I finished off my trip to the Forbidden City with a trip to the clock exhibition which is an amazing collection of clocks from around the world. I was lucky enough to get there in time for the afternoon show when chosen clocks are triggered and you watch the incomprehensible mechanisms within the clock put of a highly entertaining performance of moving objects with musical accompaniment. When I first read the guide book about this showing I thought it was going to be lots of clocks going off creating a symphony of chimes and movements but disappointingly it was only three of them. The exhibition is highly recommended though and was a highlight to my trip to the Palace.

Jingshan Park

I left the city through the Northern gate and headed up the hill in Jingshan Park which gives you an excellent overview of the Forbidden City and beyond. On my way up the hill I had my first photo shoot in China. A Chinese gentleman came up to me and pointed to his camera and then to me followed by his wife, which I took for him wanting to take a photo of me and his wife. I of course love being the centre of attention and agreed, so he took the photo and then passed the camera to his wife for a photo of me and him. Whilst posing with the Chinese classic 'two-fingers up for peace sign', he said to me that I was very tall, which completely shocked me for two different reasons. A. I've never been described as tall in my life because I am not and B. He was clearly half an inch taller than me anyway! I continued wearily up the hill to the top where a pavilion sat on the peak with a golden Buddha residing within the walls. The winter sun was low and the light was bouncing off the red roof tops of the Forbidden City and I thought this was more beautiful than being inside the city's walls.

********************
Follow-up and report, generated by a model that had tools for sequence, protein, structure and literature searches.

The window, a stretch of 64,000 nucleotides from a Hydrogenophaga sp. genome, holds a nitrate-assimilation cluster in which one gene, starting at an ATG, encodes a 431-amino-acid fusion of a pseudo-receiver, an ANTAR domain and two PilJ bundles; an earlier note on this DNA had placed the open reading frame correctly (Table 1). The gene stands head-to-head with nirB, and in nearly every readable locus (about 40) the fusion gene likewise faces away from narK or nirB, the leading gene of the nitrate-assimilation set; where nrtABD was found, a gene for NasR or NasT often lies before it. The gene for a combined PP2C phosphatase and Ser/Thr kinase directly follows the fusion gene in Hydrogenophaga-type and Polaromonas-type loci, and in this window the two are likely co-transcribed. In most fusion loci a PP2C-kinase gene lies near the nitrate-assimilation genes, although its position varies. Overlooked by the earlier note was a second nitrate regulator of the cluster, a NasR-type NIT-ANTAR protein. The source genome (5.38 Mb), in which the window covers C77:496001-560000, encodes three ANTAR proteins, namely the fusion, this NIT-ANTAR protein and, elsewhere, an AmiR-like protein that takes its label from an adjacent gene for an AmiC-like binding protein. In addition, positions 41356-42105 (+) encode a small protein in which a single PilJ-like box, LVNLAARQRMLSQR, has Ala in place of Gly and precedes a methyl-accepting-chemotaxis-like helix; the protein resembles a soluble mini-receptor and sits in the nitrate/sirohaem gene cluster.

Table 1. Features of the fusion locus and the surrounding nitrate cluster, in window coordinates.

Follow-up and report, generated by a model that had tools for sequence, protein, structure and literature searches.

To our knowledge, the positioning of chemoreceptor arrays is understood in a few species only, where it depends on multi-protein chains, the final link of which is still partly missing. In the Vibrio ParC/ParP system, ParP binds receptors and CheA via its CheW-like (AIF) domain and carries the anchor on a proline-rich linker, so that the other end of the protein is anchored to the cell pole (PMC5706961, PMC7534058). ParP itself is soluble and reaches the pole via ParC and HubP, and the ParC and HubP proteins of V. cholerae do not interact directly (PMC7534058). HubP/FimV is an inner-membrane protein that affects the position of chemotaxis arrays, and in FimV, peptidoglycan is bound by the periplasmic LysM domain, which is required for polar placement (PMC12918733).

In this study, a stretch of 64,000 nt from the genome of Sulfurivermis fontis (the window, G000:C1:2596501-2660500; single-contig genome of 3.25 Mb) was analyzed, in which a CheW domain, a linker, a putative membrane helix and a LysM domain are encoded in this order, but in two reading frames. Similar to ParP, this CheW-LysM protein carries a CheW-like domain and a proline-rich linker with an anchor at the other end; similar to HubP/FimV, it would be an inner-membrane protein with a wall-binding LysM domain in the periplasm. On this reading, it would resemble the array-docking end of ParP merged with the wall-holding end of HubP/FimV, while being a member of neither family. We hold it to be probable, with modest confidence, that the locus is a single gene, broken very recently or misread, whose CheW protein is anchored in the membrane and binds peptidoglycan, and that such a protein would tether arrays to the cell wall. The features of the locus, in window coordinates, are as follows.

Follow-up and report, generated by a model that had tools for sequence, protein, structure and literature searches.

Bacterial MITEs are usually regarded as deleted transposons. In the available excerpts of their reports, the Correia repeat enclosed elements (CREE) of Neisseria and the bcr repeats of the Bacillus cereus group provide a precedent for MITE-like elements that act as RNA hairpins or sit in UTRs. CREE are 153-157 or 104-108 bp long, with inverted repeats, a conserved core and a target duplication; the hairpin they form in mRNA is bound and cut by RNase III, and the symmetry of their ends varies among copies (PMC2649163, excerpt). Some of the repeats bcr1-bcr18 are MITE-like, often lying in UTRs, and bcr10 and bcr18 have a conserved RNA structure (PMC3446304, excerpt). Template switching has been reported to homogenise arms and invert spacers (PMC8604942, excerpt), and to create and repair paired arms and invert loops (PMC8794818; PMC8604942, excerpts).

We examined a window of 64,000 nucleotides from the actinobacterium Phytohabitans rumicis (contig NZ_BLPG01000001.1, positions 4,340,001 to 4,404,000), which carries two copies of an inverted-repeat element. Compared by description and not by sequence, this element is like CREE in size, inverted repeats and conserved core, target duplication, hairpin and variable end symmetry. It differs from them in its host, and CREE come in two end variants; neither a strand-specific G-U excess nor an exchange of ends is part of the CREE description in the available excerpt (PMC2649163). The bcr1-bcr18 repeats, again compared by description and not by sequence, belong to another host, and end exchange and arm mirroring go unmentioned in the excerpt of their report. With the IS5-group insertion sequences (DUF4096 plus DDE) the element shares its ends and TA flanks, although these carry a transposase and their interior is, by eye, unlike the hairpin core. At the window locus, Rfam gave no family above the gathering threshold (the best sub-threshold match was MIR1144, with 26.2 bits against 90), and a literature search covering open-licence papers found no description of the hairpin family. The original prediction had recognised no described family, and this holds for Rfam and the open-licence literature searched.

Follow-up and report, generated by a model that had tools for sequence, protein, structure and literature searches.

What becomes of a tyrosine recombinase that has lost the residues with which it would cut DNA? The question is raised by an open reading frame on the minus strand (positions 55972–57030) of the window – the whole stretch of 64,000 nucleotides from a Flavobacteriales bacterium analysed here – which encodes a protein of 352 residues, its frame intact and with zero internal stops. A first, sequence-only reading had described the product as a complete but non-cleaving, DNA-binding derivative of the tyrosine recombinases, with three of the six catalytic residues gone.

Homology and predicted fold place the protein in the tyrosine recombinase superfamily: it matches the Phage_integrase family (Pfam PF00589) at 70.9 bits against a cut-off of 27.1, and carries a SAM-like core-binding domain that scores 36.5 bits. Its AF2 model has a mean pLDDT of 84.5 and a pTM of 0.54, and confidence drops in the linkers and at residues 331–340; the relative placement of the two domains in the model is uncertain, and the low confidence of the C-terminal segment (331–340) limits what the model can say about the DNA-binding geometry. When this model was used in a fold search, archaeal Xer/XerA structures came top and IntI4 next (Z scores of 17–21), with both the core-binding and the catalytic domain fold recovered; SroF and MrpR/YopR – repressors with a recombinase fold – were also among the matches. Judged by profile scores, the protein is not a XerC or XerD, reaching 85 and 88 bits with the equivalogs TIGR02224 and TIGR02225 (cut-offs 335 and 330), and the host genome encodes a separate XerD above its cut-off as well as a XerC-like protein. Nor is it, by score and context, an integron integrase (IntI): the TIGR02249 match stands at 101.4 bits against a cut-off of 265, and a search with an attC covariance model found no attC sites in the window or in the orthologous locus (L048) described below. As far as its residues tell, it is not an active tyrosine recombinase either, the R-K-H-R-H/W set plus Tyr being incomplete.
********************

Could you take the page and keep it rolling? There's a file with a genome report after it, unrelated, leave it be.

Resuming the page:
The park used to be a part of the Imperial Gardens until it was handed over for public use. The hill, popularly known as Feng Shui Hill, was artificial and was created by the earth excavated from the moat surrounding the Forbidden City and nearby canals. China has a long history of abiding to the laws of Feng Shui and the Forbidden City and Jingshan Park is of no exception. Both are sitting on the main central North-South axis of Beijing and The hill was created as Feng Shui dictates that it is preferable to build a property South of a hill, which did not exist when the capital was moved to Beijing. The hill is comprised of five peaks which represents the compass points in which the city was built. The last Emperor of the Ming Dynasty hung himself up here in 1644 whilst looking over his empire.